With senators gathered around and the cameras whirring, a masked convicted car thief demonstrated yesterday just how easy it is to steal even the newest-model automobiles.

With a ruler-shaped thin metal device he called a "Slim Jim," the criminal, whose name was not revealed for his own safety, quickly slid it down the side of the window of a 1979 Chevrolet Malibu. In less than 15 seconds, he had unlocked the front door.

Then using a GM force tool," a device available to auto repossessors and salvage yards, he wrenched out the ignition switch from the steering column. A matter of another 60 seconds or so. To drive the car away, he would have slipped in a new ignition switch to which he had the key.

"At the time of my conviction," said the convict, who is still serving a five-year sentence for conspiracy to transport a stolen motor vehicle, "I could steal almost any American-made car in less than 90 seconds, and could steal most in 40 to 50 seconds."

Although he said he's been out of the car-theft business for 19 months, he showed he hadn't lost his touch. With a variety of tools, he rapidly broke into and started a half-dozen exhibits representing the doors and ignitions of Ford, Chrysler and General Motors vehicles.

The convict, referred to yesterday only as "John Smith," said his arrest resulted "from my involvement in a major vehicle theft ring consisting of 40 to 45 individuals" operating in nine Western states and Mexico. "I have personally stolen over 700 American-made cars in my life," he told the Senate Permanent Subcommittee on Investigations.

"Smith" said he started stealing cars because it was "so easy" and there was big money in it. "It seemed to me that anyone with common sense who did not take stupid risks could get away with stealing cars. He said he "lived a very high life style" and that some in his group earned close to $200,000 in 1977.

"smith" testified at the opening session of Senate hearings this week and next on professional automobile theft and "chop-shops." Chop-shop is the term used when thieves strip a stolen vehicle to sell its parts to repair shops.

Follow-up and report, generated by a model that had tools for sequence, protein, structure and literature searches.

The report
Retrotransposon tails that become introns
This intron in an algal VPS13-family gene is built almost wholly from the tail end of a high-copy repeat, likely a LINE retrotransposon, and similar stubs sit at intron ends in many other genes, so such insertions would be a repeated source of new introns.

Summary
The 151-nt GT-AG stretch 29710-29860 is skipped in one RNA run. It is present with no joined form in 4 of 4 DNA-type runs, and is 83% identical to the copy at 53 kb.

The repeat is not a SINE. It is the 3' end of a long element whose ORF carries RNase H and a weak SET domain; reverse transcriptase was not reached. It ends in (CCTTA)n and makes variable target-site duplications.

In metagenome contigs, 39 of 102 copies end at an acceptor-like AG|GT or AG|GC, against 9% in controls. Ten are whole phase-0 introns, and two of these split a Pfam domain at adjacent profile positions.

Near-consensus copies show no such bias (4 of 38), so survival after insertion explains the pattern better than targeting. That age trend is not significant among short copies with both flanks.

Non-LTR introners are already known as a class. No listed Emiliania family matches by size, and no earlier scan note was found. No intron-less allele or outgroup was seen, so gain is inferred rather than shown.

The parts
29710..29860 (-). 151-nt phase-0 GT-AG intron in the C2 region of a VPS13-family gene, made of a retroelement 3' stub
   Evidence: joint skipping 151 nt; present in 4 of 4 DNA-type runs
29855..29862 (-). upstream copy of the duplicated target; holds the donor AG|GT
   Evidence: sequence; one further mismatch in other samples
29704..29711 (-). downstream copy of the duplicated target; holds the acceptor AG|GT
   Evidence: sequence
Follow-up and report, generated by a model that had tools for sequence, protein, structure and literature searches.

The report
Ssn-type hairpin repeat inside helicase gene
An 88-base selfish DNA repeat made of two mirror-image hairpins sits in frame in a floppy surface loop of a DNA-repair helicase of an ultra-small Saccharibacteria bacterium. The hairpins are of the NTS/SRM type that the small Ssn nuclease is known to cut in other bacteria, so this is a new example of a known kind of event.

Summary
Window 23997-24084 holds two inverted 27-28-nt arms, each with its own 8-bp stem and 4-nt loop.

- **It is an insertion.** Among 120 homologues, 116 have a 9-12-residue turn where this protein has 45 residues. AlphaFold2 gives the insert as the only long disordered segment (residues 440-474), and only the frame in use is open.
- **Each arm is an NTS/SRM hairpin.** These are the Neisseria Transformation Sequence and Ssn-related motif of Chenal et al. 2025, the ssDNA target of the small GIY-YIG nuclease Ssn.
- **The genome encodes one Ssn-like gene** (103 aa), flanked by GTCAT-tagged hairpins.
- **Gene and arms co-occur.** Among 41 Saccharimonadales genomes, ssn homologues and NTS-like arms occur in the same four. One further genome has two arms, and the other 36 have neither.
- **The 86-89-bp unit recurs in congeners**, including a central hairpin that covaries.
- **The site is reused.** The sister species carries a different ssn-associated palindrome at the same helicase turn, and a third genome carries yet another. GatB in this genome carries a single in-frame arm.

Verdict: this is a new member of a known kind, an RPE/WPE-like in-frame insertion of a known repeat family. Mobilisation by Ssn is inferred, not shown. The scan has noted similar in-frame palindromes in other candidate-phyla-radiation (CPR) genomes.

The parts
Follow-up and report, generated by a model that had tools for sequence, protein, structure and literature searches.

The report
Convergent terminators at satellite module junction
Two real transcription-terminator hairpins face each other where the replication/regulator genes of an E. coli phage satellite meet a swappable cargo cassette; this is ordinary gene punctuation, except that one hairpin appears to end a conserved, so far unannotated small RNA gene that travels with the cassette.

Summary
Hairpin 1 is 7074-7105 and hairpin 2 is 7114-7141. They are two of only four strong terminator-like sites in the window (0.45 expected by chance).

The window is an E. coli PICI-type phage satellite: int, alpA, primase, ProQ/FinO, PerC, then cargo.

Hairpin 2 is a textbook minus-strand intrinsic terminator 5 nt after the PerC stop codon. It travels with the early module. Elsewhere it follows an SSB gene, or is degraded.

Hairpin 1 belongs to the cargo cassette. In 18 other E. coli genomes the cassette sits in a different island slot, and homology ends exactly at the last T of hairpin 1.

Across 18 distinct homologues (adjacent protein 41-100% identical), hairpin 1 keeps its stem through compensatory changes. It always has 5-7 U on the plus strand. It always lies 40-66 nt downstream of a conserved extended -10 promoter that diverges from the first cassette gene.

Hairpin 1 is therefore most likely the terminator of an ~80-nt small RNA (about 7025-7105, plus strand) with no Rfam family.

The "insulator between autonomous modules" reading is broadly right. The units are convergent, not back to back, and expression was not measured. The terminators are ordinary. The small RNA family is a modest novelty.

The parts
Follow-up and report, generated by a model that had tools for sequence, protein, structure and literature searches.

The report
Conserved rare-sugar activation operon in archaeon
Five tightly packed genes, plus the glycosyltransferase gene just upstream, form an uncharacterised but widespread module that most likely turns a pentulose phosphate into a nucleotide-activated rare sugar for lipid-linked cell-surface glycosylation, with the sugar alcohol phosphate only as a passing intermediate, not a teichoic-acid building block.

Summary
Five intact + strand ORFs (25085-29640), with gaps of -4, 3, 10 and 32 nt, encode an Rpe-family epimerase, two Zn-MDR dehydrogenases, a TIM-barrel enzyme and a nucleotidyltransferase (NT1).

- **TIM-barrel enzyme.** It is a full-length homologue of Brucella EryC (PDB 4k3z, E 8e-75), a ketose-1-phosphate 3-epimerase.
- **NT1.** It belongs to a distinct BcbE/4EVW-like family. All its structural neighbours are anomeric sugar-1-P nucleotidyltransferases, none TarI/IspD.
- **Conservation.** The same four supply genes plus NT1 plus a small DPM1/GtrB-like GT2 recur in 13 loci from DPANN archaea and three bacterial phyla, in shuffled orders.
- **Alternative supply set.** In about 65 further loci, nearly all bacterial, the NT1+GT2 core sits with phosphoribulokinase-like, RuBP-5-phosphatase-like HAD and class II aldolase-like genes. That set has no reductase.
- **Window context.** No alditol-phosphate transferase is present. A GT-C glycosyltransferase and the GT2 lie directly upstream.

According to a committee fact sheet, the black market in auto parts is profitable because new replacement parts are so costly and often there are weeks-long delays in delivery. It now costs $23,000 to separately purchase parts for a 1978 auto costing $5,100, according to the fact sheet. As for delays, the report said "A phone call to a salvage yard dealing with chop-shop operators can cut the delivery time to one day."

Sen. Charles Percy (R-Ill.) called vehicle theft "a national growth industry that reaches directly into the pockets of millions of Americans." The Justice Department, he said, estimates that it is costing the American consumer $4 billion annually, including more costly insurance premiums.

Organized crime, he said "has allegedly muscled into the chop-shop business and has taken control." Sens. Percy and Joseph Bidden (D-Del.) have introduced legislation to require indentification numbers on all major body parts and to improve locking mechanisms on doors, trunks and ignition systems.

"Smith," whose face was covered by a gray wool ski mask, said he turned to crime when he was working as a line mechanic in a Southern California dealership and rebuilding salvaged autos on his own.

In 1966, two men sold him a set of Corvette bucket seats for $150, when the going rate at salvage yards was $350. He said he realized they must be stolen. After that, he got more deeply involved. In 1977, he was arrested on a search warrant and a former associate testified against him.

He said he always threw away any personal belongings he found in a car he stole.

"Even a $40 or $50 sweater?" asked Percy. "You got rid of it?"

"Yes," said the convict."It would have been stupid to have a $40 sweater get in in trouble for a $4,000 profit."